Monday, March 02, 2009

The Yellow Book of english gardens

This is the vid "Visiting English Country Gardens - with the NGS" by the artists Denise Wyllie and Clare O Hagan. A nice movie mentioning "Open Gardens" and presenting the NGS in short.

This could be my first tip for the summer holidays (and not proof of me sitting too many hours watching the Swedish Broadcasting free online tv, even if it's true). There is a tv series called "Open Gardens" that can warm the most frozen gardener this time of the year. I stumbled across it on SVT play, and if they show their shows worldwide you can see the programs here - with swedish subtitels (and a few words from a swedish speaker, but most is said in english). If this option isn't available you can surf around BBC - or if you find it on your local tv tableau make sure you can watch it.

The show is more or less an veiled ad for the NGS and their Yellow Book, but I'm not complaining much. NGS - the National Garden Scheme - is an british association with the only purpose to make sure gardens are showed to the public for a profit that goes to charity. Most of the gardens are privately owned and the owners chose the charity they want to support, as well as they make the cookies and tea sold in the café on the open days. Apparently they don't get a krona, I'm sorry; a penny for their works, and since they have to work to maintain an immaculate garden one could think that the workload would discourage applicants to be listed in the Yellow Book.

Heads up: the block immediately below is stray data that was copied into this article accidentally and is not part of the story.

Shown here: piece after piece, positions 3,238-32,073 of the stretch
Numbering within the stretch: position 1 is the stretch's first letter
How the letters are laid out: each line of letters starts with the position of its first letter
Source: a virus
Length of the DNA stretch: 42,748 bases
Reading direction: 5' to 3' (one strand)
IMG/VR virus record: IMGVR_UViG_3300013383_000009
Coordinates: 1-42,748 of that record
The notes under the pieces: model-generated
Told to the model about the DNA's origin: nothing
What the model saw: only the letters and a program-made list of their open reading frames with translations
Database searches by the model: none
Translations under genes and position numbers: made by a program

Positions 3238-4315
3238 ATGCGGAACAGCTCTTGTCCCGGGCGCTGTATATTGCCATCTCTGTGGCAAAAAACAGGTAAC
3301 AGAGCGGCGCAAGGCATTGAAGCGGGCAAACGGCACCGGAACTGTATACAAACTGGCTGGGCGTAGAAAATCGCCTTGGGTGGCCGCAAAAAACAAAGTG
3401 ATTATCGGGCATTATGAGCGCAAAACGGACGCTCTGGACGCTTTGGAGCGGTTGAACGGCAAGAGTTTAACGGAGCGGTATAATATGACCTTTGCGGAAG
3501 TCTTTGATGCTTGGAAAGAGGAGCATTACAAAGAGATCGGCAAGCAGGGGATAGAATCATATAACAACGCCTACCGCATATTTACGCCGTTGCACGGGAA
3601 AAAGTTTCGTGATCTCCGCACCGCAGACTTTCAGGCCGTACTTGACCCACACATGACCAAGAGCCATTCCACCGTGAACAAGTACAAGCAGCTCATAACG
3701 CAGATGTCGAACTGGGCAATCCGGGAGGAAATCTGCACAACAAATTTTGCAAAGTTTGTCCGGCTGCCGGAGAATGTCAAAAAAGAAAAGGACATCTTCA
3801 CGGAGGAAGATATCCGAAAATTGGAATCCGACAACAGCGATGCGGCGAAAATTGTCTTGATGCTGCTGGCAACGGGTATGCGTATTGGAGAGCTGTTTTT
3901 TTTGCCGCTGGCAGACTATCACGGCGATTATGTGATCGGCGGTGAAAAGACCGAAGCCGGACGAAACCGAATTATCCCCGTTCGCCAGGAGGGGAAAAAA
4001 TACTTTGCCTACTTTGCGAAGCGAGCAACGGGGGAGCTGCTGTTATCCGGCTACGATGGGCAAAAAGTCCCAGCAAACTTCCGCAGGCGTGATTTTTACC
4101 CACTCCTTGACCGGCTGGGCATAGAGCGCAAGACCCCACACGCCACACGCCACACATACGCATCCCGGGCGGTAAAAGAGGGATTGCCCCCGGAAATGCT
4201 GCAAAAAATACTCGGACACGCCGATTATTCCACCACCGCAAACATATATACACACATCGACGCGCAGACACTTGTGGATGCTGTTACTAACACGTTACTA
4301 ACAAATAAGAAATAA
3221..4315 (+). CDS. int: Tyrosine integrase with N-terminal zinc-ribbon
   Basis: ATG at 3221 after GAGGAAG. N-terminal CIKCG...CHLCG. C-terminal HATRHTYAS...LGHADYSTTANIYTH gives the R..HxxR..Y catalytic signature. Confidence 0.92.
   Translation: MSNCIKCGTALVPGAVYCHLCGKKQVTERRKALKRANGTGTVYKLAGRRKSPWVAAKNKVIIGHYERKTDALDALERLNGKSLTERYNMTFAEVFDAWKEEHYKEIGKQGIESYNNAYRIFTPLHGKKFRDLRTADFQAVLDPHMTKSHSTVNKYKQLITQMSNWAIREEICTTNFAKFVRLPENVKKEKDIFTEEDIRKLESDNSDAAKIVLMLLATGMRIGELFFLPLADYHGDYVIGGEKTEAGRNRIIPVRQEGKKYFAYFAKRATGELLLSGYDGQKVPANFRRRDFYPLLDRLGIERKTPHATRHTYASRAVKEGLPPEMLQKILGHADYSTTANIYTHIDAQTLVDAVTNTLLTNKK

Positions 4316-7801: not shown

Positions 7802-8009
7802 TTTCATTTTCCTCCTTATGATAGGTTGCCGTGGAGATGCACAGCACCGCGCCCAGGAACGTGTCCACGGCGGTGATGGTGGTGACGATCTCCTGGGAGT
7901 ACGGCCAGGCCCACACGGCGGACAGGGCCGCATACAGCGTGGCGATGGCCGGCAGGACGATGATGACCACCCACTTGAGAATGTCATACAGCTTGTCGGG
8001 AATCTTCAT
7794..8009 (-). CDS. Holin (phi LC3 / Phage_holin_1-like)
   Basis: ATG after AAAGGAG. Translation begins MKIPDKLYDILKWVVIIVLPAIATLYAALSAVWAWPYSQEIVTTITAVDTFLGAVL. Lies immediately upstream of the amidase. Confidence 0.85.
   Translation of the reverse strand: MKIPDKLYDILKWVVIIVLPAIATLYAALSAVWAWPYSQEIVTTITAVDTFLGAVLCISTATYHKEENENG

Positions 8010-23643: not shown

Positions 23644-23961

From the show it seems like it is quite the opposite. I've seldom seen such an disappointment in grown women and men among those who don't make it, and such an happy relaxation among the chosen few. The Yellow Book appears to be the Guide Michelin of gardens. The listed gardens looks the part; the lawn seems to be handcombed, the flowers stands to attention or flows like waterfall at precisely the right spot. This show is well worth the thirty minutes spent on each program.

The tips for the vacation? Well, of course the NGS have a homepage, where you find a gardenfinder which makes it easy to plan a journey around the Great Kingdom. Better still is that some gardens have B&B. You could plan to go by car - or take the train to save the environment - and visit some of the most beautiful gardens in England. But I have to admit arriving with a rusty volvo to these paradise places feels like something of a blasphemy.

(Looks into wallet.) *Sigh* The budget alternative is to buy the Yellow Book itself. The NGS has kindly listed the price with p&p included on their homepage...

[No, I'm not sponsored by the NGS, I'm just a 100% garden junkie.]

No comments: